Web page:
Realtor Concerns on Flood Insurance Reach Congress

There has been a great deal of activity on Flood Insurance over the past few weeks. Pinellas Realtors have been at the forefront of the national debate on this issue and the effort appears to be paying off. According to Florida Realtors, they try to use Pinellas Realtor examples whenever they speak with any elected official about the looming crisis on flood insurance. Governor Rick Scott even joined the chorus of Florida elected leaders last week calling on Congress to delay implementation of the Biggert-Waters Flood Insurance Reform Act. This Florida Realtor News story on the hearing in the US Senate last week contains a link to the testimony on flood insurance presented to the Senate Banking Committee by the National Association of Realtors. NAR is strongly supporting efforts to delay NFIP rate increases for grandfathered AND newly-purchased properties pending FEMA’s report to Congress on the results of the affordability study required by the “Biggert Waters” NFIP reform act. You can read more about the hearing in the US Senate Banking Committee below.

One of our short term goals is to encourage PRO members to utilize the resources in the Florida Realtors Flood Insurance Toolkit. Our members will join Florida Realtors leaders in Tallahassee this week to testify on flood insurance concerns before the Cabinet as well as testify before the Florida House Insurance & Banking Subcommittee. Please encourage anyone with a flood insurance horror story to complete and return the Questionnaire on the Flood Insurance Toolkit. These real-life examples make all the difference when lobbying the Cabinet, State Legislature, FEMA and Congress.

We had meetings with members of the Pinellas legislative delegation last week, we will have more meetings this week, and we are working with Florida Realtors to pursue several creative solutions at the state level in addition to our efforts in Washington. We will keep everyone posted on those efforts.

Back to the Congressional hearing from last Wednesday, to view the testimony of FEMA Administrator Fugate and others, you can use these links:

• Honorable William Craig Fugate [click to view testimony]
Administrator Federal Emergency Management Agency

• Ms. Alicia P. Cackley [click to view testimony]
Director, Financial Markets and Community Investment,
U.S. Government Accountability Office

• Ms. Christine Shirley [click to view testimony]
National Flood Insurance Program Coordinator, Planning Services Division, Oregon Department of Land Conservation and Development

• Mr. Stephen Ellis [click to view testimony]
Vice President, Taxpayers for Common Sense

• Mr. Birny Birnbaum [click to view testimony]
Executive Director, Center for Economic Justice

If we stand together we believe we can make a difference on this issue. Unfortunately, the window of opportunity with Congress is short.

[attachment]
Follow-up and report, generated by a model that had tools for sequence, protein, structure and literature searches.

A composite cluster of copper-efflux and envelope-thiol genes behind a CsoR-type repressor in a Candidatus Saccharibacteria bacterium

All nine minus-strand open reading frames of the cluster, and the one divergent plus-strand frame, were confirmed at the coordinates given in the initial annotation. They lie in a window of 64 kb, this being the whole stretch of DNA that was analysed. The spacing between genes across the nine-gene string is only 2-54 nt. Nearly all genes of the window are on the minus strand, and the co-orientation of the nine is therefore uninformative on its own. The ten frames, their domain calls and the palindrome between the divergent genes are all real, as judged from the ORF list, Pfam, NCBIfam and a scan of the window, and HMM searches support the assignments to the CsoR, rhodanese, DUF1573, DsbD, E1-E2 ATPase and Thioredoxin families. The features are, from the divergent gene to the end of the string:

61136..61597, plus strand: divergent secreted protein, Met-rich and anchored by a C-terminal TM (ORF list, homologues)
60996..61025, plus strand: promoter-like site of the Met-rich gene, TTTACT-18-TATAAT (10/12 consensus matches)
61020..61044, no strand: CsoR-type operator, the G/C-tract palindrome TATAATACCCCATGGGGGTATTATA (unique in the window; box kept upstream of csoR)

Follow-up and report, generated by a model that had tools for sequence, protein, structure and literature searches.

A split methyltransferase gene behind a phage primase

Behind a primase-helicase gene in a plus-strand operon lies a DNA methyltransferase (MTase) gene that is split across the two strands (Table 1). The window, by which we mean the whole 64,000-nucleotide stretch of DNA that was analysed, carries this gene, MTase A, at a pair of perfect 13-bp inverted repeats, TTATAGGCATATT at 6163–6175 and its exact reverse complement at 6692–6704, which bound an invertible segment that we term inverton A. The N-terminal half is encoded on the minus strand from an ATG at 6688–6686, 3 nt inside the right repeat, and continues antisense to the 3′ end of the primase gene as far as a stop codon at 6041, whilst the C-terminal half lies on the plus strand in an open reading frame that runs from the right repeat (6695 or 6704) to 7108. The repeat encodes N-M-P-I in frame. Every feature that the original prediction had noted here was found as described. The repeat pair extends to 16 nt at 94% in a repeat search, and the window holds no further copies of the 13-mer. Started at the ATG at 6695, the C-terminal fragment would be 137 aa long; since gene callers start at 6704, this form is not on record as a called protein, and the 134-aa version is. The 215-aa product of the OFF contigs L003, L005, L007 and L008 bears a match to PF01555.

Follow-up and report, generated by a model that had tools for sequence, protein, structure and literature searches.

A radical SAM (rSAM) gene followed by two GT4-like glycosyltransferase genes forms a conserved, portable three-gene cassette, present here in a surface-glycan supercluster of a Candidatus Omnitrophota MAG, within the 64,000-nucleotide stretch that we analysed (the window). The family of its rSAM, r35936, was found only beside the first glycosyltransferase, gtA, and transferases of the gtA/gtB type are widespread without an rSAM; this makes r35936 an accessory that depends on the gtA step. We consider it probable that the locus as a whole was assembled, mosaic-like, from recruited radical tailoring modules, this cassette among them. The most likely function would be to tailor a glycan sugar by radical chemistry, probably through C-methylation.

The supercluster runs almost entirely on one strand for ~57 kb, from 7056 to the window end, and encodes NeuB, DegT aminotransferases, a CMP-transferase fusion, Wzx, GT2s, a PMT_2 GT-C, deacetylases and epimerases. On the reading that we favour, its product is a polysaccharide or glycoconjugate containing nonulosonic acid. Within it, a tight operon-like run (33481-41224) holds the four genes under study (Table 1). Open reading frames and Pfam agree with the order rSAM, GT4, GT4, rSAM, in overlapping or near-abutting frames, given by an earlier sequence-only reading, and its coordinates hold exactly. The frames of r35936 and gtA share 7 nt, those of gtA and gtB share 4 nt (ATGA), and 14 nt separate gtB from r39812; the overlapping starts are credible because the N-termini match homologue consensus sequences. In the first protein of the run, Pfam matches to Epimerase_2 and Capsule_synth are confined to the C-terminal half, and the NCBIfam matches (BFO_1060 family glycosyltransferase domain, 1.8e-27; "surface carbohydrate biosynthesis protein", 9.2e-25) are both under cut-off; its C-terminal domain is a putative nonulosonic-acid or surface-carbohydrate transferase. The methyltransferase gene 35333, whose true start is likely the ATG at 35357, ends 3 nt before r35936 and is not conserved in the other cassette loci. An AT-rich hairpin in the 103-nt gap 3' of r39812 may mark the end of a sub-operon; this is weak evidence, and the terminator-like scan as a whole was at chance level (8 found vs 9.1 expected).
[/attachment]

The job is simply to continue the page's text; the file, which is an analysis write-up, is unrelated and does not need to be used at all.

7 thoughts on “Realtor Concerns on Flood Insurance Reach Congress

  1. I am totally up hauled with the way these new rules will be killing our business, the housing prices, and that without a reason !
    Florida thrives on its beaches, Pinellas County is a paradise to live, where now it will be come unaffordable because of terrible flood insurance rates … If homes on the water and just at the back of it, in V zones are unaffordable and empty, who would want to live just next to it in an X zone ???
    How ridiculous does it have to be, to be understood ?
    I live my house for 16 years, with NEVER any flood problems, but the zone was changed from A to VE without my knowledge or consent around 2003. As the home is considered grandfathered, but now loses it statute in a couple of years, my nice investment becomes worthless, and why ?
    How did we become a country where it is more important to spend in war and politics, but forget the people that made and live in this wonderful country ?
    Lets tax and raise insurances, so everyone moves ???
    Great solution, very intelligent !!!

  2. Why doesn’t FEMA make this a National Disaster Fund that every homeowner carrying insurance nationwide contributes some percentage towards this fund. Then when there are disasters of flood, storm, fire, tornadoes etc everyone is paying for it and not all the burden put on those who live in a flood zone. Florida has the highest rates in the nation. It makes me very angry to see that from 1978-2011 Fema collected over 16 billion in premiums from us and paid out 3.7 billion. We are being robbed and raped by FEMA. You pull our subsidies and then add 25% increase a year for 5 yrs which is a 125% increase!You have us in the poor house and ridiculous rates, calling it a realized rate. These homes and businesses were here before all the codes came about and not everyone can pay cash or afford to knock down to meet your new codes that are constantly changing. This country is just starting to pull itself out of the recession, and rates are going up and our values are going to drop so low only the rich can afford to live here,and less real estate taxes for the state. How about making the foreclosure process faster, people living in these homes for years not making payments and the bank paying their taxes and insurance. What else are we giving for free? WE NEED IMMEDIATE HELP AND THROW THE BIGGERT-WATERS ACT OUT.